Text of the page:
Iraq prime minister asks MPs to fire governor over deadly ferry capsize

Widespread anger in Mosul following years of war and neglect

Iraq's prime minister on Saturday made a formal request to parliament to fire the governor of Niniveh, where more than 100 people died after a ferry capsized.

The announcement coincides with the arrest of 16 people in connection with the deadly incident, local media reported.

Most of those killed in Thursday's sinking on the Tigris River were women and children making their way out of Mosul to celebrate Mother's Day. The Tigris, fed by melted snow from Turkish mountains, runs high at this time of the year. CCTV footage showed the boat capsize violently into the river, as people struggled to swim against the strong current.

"Due to the obvious negligence and dereliction in performing duties and responsibility, and the presence of evidence proving misuse of public funds and abuse of power ... we suggest that you dismiss the governor and his deputies," Prime Minister Abdul Mahdi wrote in a letter addressed to the speaker of parliament that was published by his office late on Friday.

Iraqi law gives the federal parliament the right to sack provincial governors based on the suggestion of the prime minister. On Thursday he ordered an investigation into the sinking.

Mosul's board of tourism on Saturday denied responsibility for the deaths of the passengers and called on local authorities to shut down tourism businesses operating without licences.

Governor Nawfal Hammadi Al Sultan has already been subjected to the anger of victims' relatives and their supporters over alleged corruption and cronyism.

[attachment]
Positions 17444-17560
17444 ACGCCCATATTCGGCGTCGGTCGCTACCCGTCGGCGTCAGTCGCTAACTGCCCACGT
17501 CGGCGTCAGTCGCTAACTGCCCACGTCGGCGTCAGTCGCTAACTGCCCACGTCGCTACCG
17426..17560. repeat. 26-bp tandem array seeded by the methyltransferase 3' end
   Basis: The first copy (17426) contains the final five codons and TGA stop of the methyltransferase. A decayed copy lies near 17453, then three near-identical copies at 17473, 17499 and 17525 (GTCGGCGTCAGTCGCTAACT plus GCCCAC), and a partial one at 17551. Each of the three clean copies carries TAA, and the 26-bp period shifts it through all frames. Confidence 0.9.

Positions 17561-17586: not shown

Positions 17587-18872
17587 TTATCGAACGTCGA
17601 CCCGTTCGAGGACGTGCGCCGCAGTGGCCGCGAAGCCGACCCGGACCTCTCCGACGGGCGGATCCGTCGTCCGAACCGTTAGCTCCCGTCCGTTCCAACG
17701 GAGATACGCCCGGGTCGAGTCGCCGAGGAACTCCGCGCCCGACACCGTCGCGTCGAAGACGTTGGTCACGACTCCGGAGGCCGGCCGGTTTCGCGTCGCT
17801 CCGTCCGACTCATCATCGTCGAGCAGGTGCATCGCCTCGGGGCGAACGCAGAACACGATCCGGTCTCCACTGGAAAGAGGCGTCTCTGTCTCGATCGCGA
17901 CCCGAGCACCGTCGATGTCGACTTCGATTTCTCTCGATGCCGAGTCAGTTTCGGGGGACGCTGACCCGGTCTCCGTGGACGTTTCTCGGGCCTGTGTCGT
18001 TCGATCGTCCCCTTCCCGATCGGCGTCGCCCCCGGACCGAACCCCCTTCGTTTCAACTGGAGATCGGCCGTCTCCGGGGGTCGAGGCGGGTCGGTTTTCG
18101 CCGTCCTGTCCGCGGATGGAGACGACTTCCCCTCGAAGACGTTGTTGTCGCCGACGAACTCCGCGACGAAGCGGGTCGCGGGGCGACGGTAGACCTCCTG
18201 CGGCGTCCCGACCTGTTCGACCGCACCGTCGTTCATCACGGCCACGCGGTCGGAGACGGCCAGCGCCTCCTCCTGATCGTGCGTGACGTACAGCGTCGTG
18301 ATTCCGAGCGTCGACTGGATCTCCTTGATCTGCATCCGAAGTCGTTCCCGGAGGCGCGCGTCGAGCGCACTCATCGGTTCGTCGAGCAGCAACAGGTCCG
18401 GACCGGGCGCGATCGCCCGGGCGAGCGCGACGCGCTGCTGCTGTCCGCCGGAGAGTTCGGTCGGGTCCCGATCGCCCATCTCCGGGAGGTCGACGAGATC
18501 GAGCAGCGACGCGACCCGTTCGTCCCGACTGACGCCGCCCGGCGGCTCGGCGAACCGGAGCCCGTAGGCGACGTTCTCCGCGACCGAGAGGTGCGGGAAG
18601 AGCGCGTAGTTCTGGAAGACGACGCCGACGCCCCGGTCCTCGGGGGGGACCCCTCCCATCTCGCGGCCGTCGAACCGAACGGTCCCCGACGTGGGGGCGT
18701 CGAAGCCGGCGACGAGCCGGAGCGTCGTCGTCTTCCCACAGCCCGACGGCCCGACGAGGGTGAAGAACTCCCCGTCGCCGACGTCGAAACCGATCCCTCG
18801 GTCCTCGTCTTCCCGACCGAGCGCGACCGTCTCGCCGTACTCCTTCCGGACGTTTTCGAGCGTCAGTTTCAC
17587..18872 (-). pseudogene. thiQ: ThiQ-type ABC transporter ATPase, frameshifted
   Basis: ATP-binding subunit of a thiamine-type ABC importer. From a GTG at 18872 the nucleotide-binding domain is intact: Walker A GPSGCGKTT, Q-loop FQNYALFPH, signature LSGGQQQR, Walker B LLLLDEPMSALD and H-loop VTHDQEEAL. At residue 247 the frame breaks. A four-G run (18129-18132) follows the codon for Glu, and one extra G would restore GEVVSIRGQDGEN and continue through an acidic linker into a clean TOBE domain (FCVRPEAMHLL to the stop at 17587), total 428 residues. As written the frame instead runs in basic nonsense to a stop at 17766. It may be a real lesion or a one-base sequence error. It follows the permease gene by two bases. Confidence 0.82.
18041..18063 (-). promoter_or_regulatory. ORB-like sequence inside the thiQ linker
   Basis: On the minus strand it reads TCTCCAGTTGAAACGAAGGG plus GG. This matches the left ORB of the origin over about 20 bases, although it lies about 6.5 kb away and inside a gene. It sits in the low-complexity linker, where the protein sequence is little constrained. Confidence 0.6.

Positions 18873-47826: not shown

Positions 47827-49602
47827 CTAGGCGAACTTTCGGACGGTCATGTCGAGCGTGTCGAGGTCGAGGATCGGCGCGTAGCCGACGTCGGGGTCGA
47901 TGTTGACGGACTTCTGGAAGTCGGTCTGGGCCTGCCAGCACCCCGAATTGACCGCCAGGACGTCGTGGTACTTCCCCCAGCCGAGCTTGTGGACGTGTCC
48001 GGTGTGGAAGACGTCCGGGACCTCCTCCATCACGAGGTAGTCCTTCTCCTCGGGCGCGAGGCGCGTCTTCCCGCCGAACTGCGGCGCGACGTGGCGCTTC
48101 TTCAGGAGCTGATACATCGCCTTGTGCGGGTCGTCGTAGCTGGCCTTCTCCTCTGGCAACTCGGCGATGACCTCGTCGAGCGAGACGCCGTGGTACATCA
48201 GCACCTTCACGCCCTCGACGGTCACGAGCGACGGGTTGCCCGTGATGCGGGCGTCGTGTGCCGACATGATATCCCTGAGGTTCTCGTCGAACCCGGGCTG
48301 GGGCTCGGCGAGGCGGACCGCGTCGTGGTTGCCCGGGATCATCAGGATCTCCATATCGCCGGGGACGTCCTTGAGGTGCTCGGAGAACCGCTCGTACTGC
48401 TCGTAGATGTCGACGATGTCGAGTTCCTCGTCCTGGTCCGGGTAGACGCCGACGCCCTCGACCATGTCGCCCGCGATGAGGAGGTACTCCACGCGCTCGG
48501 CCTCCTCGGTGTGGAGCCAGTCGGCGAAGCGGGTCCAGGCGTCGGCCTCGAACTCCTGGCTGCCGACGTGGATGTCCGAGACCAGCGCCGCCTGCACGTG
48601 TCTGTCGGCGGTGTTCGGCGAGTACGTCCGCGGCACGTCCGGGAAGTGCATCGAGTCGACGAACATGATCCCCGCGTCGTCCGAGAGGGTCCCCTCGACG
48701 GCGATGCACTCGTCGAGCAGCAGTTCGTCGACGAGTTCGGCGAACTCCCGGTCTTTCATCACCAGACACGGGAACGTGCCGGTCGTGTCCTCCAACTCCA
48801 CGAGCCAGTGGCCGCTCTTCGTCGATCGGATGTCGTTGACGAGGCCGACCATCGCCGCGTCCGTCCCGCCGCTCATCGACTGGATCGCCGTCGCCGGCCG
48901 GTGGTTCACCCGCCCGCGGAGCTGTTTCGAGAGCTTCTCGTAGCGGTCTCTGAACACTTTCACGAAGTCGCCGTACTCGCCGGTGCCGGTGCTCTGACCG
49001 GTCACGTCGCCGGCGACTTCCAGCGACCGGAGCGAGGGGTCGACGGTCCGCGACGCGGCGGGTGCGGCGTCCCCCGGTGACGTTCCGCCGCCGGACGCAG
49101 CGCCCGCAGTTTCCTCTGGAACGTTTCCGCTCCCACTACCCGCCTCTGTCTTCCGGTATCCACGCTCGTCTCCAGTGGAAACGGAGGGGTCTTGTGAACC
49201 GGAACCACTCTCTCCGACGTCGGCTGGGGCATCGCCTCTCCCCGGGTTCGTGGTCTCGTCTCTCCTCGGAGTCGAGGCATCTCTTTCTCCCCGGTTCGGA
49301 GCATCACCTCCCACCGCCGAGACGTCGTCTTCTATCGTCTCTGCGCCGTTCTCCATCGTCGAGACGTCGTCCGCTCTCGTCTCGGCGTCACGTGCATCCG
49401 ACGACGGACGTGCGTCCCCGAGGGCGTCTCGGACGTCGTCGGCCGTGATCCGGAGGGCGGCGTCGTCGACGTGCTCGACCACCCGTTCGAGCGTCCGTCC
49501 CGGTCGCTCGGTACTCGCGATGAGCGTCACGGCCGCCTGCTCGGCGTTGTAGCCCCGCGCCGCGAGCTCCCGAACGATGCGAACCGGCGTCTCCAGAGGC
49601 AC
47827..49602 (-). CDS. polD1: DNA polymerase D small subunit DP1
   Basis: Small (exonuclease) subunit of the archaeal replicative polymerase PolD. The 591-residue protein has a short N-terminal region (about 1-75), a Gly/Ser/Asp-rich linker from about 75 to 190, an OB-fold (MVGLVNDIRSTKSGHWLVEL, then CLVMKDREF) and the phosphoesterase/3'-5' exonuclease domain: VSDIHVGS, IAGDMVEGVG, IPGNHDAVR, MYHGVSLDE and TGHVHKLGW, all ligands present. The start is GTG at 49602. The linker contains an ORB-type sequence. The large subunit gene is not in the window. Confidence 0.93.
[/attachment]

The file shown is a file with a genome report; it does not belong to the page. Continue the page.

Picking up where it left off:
Protesters demonstrating against widespread corruption and neglect hurled stones at the governor and President Barham Salih's convoy on Friday when they visited the scene of the tragedy.

Mosul security officials blamed the accident on high water levels and overcrowding on the boat.

Hundreds of relatives of victims and residents gathered on Friday at the scene of the accident, where prayers were held for the dead.

Many said the disaster could have been avoided, and chanted "corruption is killing us".

"We want those responsible to be brought to justice," Mohammed Adel, 27, whose father was among those who died, told AFP.

There is widespread anger in Mosul at the slow pace of reconstruction since the city's recapture from ISIS in 2017 by Iraqi troops backed by a US-led coalition.

The city still bears the scars of three years of iron-fisted rule by the extremists. Survivors of Thursday's disaster were treated in hospitals heavily damaged by the months-long military campaign against ISIS.